By Greg Price
W.R. Myers Rebels football team’s season came to an end on the weekend, after bowing out of its Tier IV provincial quarterfinal 42-0 to Drumheller Titans on the road.
“We know that Drumheller is always going to be one of our physically toughest opponents of the season, and this time was definitely no different. Couple that with a cold north wind, and a field that was frozen solid, and it meant for a rough day,” said Jason Jensen, head coach of the W.R. Myers Rebels football team.
The game started with both teams trading short series before Drumheller switched to its classic double-wing offence, and found the endzone on a misdirection play. The Rebels looked like they were on the cusp of answering back, but the drive stalled.
“That would kind of be the story for the rest of the game. We were able to move the ball, but between our guys having footing issues on the frozen dirt, and a very tough Drumheller defence, we just could never find the endzone. Defensively, it would look like we had them stopped, and then they would manage to catch us on a mass-motion misdirection play, and keep their drives alive,” said Jensen. “A couple of early injuries on both sides of the ball certainly didn’t help, as our lack of roster depth started to catch up to us. In the end, we just didn’t have enough to keep up with them.”
Jensen admitted it was a trying season at times for the Rebels, as season-ending injuries were suffered by a couple of the team’s best players.
Also, a lack of roster depth made it difficult to have the kinds of practices the team needed down the stretch.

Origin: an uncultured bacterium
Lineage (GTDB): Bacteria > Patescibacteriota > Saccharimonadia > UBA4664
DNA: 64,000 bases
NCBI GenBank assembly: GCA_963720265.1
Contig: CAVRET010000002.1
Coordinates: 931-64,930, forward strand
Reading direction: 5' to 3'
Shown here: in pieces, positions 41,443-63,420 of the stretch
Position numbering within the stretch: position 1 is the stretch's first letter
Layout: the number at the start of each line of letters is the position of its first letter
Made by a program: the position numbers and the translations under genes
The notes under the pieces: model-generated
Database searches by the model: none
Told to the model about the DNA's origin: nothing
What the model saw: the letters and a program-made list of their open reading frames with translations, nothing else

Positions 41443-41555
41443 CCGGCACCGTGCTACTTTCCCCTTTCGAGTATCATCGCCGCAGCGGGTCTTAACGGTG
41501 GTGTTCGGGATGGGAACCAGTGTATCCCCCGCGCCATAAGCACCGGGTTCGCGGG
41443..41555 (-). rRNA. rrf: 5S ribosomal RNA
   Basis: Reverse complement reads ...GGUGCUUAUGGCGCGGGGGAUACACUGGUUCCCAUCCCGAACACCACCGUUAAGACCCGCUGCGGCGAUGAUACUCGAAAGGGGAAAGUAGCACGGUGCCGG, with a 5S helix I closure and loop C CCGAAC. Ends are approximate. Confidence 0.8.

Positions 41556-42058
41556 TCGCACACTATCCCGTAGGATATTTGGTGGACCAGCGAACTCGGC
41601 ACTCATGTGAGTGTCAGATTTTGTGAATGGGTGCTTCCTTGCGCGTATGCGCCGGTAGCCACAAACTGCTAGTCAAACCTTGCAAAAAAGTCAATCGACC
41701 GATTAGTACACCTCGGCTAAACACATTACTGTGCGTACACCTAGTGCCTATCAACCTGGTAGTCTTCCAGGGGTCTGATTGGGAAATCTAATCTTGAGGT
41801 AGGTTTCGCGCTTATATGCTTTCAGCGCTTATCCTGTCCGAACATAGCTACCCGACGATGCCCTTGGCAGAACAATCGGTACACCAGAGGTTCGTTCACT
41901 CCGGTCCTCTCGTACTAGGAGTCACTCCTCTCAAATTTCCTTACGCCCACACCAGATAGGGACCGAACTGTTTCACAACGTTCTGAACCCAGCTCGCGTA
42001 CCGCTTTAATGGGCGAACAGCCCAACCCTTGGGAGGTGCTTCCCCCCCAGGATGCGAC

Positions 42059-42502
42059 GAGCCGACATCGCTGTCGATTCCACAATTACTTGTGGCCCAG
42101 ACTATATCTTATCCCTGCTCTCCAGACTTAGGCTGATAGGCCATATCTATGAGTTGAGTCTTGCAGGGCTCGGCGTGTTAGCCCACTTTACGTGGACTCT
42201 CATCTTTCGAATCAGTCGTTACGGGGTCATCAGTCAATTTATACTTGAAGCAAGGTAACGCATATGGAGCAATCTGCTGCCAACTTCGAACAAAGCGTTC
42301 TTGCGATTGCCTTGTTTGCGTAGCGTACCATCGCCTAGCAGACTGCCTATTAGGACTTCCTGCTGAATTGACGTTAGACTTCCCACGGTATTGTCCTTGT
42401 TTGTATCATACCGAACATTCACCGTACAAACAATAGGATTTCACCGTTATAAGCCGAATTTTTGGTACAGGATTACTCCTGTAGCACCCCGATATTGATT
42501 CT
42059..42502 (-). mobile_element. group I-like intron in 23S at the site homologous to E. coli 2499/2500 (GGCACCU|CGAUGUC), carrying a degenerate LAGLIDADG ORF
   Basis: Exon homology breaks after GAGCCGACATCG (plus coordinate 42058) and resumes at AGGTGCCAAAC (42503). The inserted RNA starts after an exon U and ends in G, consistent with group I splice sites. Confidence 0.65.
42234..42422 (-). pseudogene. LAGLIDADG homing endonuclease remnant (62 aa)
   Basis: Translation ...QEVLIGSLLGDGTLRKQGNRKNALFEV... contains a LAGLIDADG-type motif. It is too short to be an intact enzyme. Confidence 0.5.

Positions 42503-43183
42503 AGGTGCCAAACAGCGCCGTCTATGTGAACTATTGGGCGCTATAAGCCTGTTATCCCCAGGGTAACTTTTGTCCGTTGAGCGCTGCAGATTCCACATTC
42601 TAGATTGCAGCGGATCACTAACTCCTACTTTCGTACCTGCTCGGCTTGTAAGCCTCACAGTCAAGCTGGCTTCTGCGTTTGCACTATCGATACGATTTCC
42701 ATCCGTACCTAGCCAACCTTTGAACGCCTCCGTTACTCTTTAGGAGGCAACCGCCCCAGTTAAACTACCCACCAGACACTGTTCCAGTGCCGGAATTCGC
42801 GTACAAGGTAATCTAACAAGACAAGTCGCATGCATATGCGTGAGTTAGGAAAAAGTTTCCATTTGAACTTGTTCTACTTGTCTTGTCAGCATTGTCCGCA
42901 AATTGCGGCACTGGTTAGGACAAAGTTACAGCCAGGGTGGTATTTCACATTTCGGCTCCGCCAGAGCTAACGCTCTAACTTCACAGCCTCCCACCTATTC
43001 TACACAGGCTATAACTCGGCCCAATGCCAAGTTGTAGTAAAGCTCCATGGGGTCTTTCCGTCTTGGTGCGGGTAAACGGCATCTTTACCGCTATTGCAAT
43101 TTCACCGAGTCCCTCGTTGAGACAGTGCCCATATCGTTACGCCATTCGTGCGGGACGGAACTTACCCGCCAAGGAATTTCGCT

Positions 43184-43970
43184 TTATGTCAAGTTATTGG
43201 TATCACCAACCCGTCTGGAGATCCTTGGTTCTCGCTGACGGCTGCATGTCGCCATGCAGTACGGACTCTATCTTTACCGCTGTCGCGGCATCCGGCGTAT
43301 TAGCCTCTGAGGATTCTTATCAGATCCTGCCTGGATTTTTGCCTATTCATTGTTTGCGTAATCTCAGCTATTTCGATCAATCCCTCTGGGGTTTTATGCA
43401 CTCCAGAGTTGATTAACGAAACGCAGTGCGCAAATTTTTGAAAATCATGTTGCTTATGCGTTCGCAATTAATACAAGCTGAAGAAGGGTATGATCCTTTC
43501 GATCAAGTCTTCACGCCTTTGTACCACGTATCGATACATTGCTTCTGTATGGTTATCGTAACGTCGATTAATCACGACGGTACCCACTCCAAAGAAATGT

“Even then, these boys kept looking forward, focusing on the next game, and what we needed to do to keep moving on. Once it was all said and done, we still qualified for our fourth straight provincial tournament, a streak which very few programs are able to claim, and that makes us a top-8 team in the province in our tier,” said Jensen. “I am damn proud of these boys for all of that. I’ve seen a lot of teams just kind of fold up their tents, and give up on the season when they face adversity like this, but our guys didn’t, and for that, they can still hold their heads high.”
Jensen noted, as a coach, the toughest part of the end of a season is saying good-bye to seniors.
“Given the close-knit nature of our program, we’ve coached these players at one time or another since they were in peewee, and you can’t help but grow attached. We’re sending some great young men out into the world, I’m certainly going to miss all of them. For returning players, I was pretty happy to hear them getting off the bus, already talking about next season. It’s onward, and upward from here, and thinking of the guys we’ll have coming back, and the incoming rookies from the very successful bantam team, the future looks very bright for the Rebels.”
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